# Functors in C++ - Part II

06 Jul 2017This post is in continuation to Functors in C++ - Part I.

In last blog we talked about basics of functors. In this post let’s dive deep into functors and talk about some application of functors.

Functors are commonly used in STL algorithms. The power of functors can clearly be realised when we use them with STL.

## STL Functors

There is one more good thing to this whole story. We don’t have to write all functors by ourselves. STL provides some built-in functors for basic operations like addition, divison, some bitwise operators etc. Some of the STL Functors are^:

- Binary Arithmetic Functors : plus (for addition, equivalent to arg1 + arg2), minus (for subtraction, same as arg1 - arg2 ), divides (division) etc. ^^
- Binary Logical Functors : logical_and, logical_or
- Unary Functors : negate, logical_not.

Binary functors are functors those take two parameters while unary take only one parameter.

^ Complete list and their descriptions can be found here.

^^ arg1 and arg2 are two input parameters to functors. Example: `std::plus<int>()(arg1 + arg2)`

Let’s take a example here. Assume we need to multiply each element of vector by -1. This can be done very easily as:

```
// Compile this code with -std=c++11 flag.
// like: g++ -std=c++11 main.cpp
#include<vector>
#include<algorithm>
#include<functional>
#include<iostream>
int main(){
// Initializing vector with 1,2 and 3 as it's elements
std::vector<int> vec = {1,2,3};
// Transforming each element of vector by multiplying
// it with -1. First argument to std::Transform is
// start iterator. Second argument is end iterator
// Third argument says where we need to store the
// result. Here we are storing result in vec itself.
// And the last argument says which functor do we
// need to call for each element of vector from
// start iterator to end iterator
std::transform(vec.begin(),vec.end(),
vec.begin(),std::negate<int>());
// print the transformed vector
for(int i=0;i<vec.size();i++){
std::cout << vec[i] << ' ';
}
// output would be
// -1 -2 -3
}
```

It’s so easy and much more readble than doing same thing without using STL. Isn’t it!?

But we do have one problem here if we use binary functor with std::transform instead of unary functor. Binary functor takes two input arguments while std::transform expects functor with just one argument. In this scenario `std::bind`

can be useful.

## Bind

Let’s take a example where we need to add 5 to each element of std::vector, vec1 and store the result in another vector named vec2. How can this be done using std::transform and std::plus?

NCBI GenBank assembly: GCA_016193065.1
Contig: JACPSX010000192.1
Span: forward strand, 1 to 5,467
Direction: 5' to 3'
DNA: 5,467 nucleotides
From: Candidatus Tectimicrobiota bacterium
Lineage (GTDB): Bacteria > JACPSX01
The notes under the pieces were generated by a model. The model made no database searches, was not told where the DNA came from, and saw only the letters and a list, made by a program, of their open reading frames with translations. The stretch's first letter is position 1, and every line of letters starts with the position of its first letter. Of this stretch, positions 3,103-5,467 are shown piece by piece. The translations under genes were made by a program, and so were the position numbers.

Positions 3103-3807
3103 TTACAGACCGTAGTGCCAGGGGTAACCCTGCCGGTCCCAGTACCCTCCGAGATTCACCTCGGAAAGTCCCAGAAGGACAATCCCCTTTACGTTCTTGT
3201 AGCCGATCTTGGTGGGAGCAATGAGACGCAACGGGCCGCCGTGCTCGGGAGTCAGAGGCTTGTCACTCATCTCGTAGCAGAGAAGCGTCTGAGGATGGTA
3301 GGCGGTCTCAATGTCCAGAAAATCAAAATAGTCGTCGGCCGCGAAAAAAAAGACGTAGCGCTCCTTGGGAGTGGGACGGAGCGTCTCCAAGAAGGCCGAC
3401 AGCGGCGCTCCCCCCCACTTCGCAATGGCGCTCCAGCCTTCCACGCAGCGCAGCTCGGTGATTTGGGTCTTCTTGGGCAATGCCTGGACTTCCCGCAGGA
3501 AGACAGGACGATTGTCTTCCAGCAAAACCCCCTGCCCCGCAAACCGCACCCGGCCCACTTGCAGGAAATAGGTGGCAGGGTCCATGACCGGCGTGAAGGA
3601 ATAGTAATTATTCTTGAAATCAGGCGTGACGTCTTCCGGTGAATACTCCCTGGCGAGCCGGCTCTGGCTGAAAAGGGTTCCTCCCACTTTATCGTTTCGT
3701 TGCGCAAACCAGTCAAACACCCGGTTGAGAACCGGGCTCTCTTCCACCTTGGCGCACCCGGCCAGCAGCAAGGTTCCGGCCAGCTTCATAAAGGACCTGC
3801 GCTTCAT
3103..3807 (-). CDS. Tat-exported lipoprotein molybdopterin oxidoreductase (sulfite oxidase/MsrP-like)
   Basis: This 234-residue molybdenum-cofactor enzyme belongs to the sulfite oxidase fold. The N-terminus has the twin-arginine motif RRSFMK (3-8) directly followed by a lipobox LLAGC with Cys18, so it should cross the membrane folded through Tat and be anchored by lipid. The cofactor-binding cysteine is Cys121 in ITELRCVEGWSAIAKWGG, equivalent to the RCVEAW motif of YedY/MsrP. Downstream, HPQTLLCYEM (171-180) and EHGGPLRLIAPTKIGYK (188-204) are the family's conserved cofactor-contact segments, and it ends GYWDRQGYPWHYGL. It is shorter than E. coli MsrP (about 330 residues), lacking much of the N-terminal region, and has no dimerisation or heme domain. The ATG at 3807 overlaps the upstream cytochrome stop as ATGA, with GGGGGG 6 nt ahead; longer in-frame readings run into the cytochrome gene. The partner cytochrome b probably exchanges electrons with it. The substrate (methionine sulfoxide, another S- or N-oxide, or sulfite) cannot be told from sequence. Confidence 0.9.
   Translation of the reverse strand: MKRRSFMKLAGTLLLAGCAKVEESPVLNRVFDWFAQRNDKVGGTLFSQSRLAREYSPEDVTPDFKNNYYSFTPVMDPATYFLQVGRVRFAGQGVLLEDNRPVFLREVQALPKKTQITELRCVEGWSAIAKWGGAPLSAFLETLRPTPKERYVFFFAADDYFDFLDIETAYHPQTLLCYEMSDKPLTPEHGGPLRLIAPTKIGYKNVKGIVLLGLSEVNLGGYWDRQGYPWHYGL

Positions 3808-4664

Here’s the solution:

```
// Compile this code with -std=c++11.
// g++ -std=c++11 main.cpp
#include<vector>
#include<algorithm>
#include<functional>
#include<iostream>
#define ELEM_TO_ADD 5
int main(){
// Initializing vector with 1,2 and 3 as three elements
std::vector<int> vec1 = {1,2,3};
std::vector<int> vec2;
std::transform(vec1.begin(),vec1.end(),
std::back_inserter(vec2),
std::bind(std::plus<int>(),
std::placeholders::_1,
ELEM_TO_ADD)
);
// print the transformed vector
for(int i=0;i<vec2.size();i++){
std::cout << vec2[i] << ' ';
}
// output would be
// 6 7 8
}
```

Let’s try to understand logic of above piece of code. `std::transform`

as discussed previously invoke the functor (specified by last argument) for each element iterating from vec1.begin() to vec1.end(). Before moving forward let’s first understand what `std::bind`

does.

`std::bind`

is partial function application. What this means is suppose you have a function `func1`

which takes two args as `func1(arg1,arg2)`

.

Now, you want to define a new function `func2`

as:

```
func2(arg1){
func1(arg1,5)
}
```

`func2`

has been defined by fixing argument arg2, so `func2`

is said as partial application of `func1`

. `std::bind`

does same. In terms of C++ STL `func2`

can be defined as:

`auto func2 = std::bind(func1,std::placeholders::_1,5)`

What we are saying by above line is: Create `func2`

by binding func1, first argument of func1 (specified as, std::placeholders::_1) and 5.^

^`std::placeholders::_1`

means first argument, `std::placeholders::_2`

means second parameter and so on.

You can do more crazy things with `std::bind`

like changing order of arguments of a function.

## Back to example

Let’s move back to our example. `std::bind(std::plus<int>(),std::placeholders::_1, ELEM_TO_ADD)`

in our example binds std::plus functor, first argument passed to bind (which in our case would be elements of vector, passed one by one) and constant ELEM_TO_ADD. In short this line transforms binary functor `std::plus`

into unary functor. Another argument of functor is fixed value ELEM_TO_ADD.

Finally, we are storing the result of functor in vector, vec2, by using stl function std::back_inserter. This function just uses push_back function of vector to insert result at back of specfied vector.

So, now you might be feeling that functors are indeed powerful. In next blog we will talk about lambdas, which are quite concise way of writing anonymous functions.

Till then Sayonara.

# Exercise

Can you think of solution to re-order arguments of a functions and create a new function? Basically, we want to define func3 as

```
func3(arg1,arg2,arg3){
func4(arg2,arg3,arg1);
}
```

If yes, let me know in comments how would you achieve this using `std::bind`

Thanks